A federal appeals court in Richmond, Va., has ruled in favor of transgender students' right to use the high school bathroom of the gender with which they identify.
The Richmond Times-Dispatch reports that Gavin Grimm has fought for five years against the Gloucester County School Board's refusal to allow him to use the boys restroom at Gloucester County High School in Gloucester, Va.
“All transgender students should have what I was denied: the opportunity to be seen for who we are by our schools and our government," Grimm said following the ruled. "Today’s decision is an incredible affirmation for not just me, but for trans youth around the country.”
The 4th Circuit Court of Appeals rule that policies segregating transgender students from their peers are unconstitutional and violate federal law prohibiting sex discrimination in education.
The appeals court decision is based in part on the U.S. Supreme Court ruling earlier this year that discrimination against people based on their gender identity or sexual orientation violates Title VII of the Civil Rights Act of 1964.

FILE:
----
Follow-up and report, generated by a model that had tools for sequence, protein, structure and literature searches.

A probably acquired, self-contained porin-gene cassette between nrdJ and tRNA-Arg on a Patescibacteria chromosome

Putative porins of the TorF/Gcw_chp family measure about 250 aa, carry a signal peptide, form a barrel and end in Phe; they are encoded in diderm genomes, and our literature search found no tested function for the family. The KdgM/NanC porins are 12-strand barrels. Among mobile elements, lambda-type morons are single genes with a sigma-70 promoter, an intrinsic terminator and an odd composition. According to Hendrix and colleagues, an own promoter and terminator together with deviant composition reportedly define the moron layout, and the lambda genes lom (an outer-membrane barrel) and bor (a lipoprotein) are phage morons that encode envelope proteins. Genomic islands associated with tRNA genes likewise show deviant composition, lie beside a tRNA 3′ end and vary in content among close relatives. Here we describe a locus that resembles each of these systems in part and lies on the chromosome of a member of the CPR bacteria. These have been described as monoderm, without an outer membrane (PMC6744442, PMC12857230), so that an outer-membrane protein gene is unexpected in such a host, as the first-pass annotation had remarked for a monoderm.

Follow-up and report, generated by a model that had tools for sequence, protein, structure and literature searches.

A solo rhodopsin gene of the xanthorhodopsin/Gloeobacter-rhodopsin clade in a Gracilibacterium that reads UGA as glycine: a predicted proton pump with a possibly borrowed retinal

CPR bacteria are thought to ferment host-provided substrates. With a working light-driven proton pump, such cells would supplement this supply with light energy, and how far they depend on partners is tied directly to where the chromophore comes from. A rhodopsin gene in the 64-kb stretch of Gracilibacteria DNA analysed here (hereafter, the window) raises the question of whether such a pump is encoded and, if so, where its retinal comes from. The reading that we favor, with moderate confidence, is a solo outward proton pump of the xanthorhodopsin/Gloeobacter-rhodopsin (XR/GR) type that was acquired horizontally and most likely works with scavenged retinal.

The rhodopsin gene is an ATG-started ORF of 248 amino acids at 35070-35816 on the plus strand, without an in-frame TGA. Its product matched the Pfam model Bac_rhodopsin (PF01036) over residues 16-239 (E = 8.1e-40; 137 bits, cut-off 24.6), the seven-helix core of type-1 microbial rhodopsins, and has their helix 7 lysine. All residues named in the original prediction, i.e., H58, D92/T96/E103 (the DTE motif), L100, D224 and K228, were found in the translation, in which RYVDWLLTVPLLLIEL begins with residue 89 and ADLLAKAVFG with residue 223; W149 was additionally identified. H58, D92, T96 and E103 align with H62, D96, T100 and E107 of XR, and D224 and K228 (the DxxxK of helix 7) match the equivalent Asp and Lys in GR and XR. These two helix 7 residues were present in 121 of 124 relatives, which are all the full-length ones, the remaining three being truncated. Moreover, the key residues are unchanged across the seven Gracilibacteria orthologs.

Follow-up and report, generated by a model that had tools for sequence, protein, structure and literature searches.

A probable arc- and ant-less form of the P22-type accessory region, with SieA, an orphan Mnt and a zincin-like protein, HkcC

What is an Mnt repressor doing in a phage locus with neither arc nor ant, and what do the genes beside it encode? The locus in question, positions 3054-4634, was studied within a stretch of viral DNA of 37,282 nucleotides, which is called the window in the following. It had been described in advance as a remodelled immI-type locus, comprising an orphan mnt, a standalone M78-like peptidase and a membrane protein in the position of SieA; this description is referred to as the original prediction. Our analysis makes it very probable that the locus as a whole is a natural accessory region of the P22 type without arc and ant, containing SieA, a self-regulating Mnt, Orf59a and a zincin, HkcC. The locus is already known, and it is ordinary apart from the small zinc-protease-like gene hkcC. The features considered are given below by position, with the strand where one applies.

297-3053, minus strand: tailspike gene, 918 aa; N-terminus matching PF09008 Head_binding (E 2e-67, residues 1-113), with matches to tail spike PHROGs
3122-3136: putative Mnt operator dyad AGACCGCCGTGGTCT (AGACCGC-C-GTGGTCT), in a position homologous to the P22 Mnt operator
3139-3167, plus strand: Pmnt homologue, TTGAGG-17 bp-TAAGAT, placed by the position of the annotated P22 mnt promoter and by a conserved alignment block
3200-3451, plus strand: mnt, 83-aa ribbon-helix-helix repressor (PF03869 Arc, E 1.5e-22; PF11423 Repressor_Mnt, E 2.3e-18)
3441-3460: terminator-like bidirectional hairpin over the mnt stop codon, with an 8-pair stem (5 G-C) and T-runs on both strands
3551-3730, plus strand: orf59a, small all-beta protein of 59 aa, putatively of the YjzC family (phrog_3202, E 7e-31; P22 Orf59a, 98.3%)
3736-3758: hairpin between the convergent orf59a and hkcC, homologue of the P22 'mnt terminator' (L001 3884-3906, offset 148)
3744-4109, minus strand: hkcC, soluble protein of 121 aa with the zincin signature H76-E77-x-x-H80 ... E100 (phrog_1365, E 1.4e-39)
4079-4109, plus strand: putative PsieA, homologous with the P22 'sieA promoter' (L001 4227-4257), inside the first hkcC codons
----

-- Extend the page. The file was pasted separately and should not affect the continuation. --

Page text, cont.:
In 2015, the Gloucester County school board adopted a policy in which students could use only bathrooms that matched their "biological gender" and built single-stall bathrooms as an "alternative" for individuals with "gender identity issues."
Grimm was a sophomore in high school at the time.
Grimm's parents spoke out against the policy. They called the requirement to use the bathroom in the nurse's office "humiliating" and took away from their son's education.
Grimm said that no one had ever questioned his use of the men's bathroom prior to the school board's ruling.
The American Civil Liberties Union, sued the district on Grimm's behalf. The case reached the Supreme Court in 2017 but was sent back to the appeals court after the Trump administration rescinded Department of Education protections for transgender students.